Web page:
‘I Don’t See It Happening In Less Than Two Years’: VA Leaders Comment On Reopening State

OPINION | This article contains commentary which reflects the author's opinion.

UPDATE: Governor’s office now says ‘Phase One’ of reopening Virginia ‘will not last for two years’,” according to Sabrina Moreno. This contradicts earlier statements from State Health Commissioner Norman Oliver who said, “I, personally, think Phase One will be a two-year affair.”

Virginia Governor Ralph Northam revealed on Friday that a lifting of social distancing guidelines may not happen for another couple of years.

Not days, weeks, or months—but at least two years will pass before his state completes “phase one” of a plan to return to normalcy.

“Northam said that while the spread of COVID-19 in Virginia is slowing down, cases are continuing to grow, meaning that the 14-day countdown has not begun,” Richmond.com reports.

“We cannot and will not lift restrictions like one turns on a light switch,” Northam said of his administration beginning “Phase One” of a three-part recovery process.

“Easing too much too soon could jeopardize public health and consumer confidence,” he continued.

Any initial reopenings will happen under “strict safety restrictions,” to help smooth the transition.

The first phase also includes “continued social distancing, continued teleworking [and] face coverings recommended in public,” Richmond reports an outline of the plan reads.

Northam’s plan included no timetable for when businesses and residents can return to the lives they once had, but State Health Commissioner Norman Oliver said “Phase One” of the plan could be more than two years.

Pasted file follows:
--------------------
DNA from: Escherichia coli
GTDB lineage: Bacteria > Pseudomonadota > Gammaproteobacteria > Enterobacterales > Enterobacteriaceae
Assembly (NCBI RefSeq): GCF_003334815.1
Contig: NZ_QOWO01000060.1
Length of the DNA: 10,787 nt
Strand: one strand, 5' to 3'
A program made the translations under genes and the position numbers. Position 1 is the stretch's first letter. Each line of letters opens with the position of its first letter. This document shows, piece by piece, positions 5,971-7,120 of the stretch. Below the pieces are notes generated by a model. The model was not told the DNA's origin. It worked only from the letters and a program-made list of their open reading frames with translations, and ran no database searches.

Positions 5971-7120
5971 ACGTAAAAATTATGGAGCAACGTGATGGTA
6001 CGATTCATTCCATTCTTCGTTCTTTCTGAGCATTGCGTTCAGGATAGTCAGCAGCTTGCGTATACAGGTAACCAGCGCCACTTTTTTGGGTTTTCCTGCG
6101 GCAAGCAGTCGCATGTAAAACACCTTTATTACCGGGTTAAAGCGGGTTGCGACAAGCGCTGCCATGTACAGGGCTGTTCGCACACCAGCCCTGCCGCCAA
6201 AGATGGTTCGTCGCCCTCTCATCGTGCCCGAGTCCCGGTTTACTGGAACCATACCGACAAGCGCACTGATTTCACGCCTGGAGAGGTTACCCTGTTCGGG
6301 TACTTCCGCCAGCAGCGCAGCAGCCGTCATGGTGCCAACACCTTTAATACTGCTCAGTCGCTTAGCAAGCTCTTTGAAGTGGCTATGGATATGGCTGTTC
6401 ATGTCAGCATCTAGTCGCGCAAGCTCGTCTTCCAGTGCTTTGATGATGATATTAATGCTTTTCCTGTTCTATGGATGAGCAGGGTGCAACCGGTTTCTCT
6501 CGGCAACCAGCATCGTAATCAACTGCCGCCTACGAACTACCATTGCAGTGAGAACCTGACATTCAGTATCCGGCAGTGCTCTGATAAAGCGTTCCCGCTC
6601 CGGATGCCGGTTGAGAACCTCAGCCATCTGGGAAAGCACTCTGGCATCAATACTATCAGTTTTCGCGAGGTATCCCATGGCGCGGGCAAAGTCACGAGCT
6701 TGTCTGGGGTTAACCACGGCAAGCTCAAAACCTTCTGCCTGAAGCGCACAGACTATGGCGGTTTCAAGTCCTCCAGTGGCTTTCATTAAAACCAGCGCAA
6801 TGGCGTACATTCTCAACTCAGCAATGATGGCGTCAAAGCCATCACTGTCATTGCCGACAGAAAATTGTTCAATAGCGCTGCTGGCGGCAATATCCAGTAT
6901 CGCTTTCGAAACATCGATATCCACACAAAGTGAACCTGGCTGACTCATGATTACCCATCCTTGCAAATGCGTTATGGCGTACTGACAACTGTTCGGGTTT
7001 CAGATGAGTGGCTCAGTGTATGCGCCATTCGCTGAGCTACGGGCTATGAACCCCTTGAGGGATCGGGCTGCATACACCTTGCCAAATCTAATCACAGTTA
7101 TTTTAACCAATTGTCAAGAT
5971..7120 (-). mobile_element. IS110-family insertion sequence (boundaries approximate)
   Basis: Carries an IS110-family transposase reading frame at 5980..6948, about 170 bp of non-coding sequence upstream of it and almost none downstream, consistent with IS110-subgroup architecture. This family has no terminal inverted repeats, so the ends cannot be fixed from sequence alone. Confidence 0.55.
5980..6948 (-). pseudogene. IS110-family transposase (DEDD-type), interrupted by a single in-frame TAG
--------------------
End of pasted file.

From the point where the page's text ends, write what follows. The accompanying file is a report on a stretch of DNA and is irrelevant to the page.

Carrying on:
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“I, personally, think Phase One will be a two-year affair,” Oliver said via the report. “There are a lot of people working on this, and I hope they prove me wrong, but I don’t see it happening in less than two years.”

Here’s more:

Northam said on Friday that building out the details of Phase One will involve state health officials, local government officials, representatives of the business community and faith leaders. On Friday, Northam announced a business taskforce made up of business owners and leaders that will help guide plans for reopening businesses under the pandemic.

Northam said the plans will include overarching rules for all businesses, and specific guidance for different industries, like restaurants and barbershops.

Moving towards recovering, Virginia officials said, will also include boosting COVID-19 testing in the state, as well as contact tracing — the identification of anyone who has come into contact with a positive COVID-19 case.

“We will get back to work by greatly increasing our testing, then tracing the contacts of people who test positive and isolating these individuals, not everyone in Virginia,” Northam said. “That is the key to moving forward.”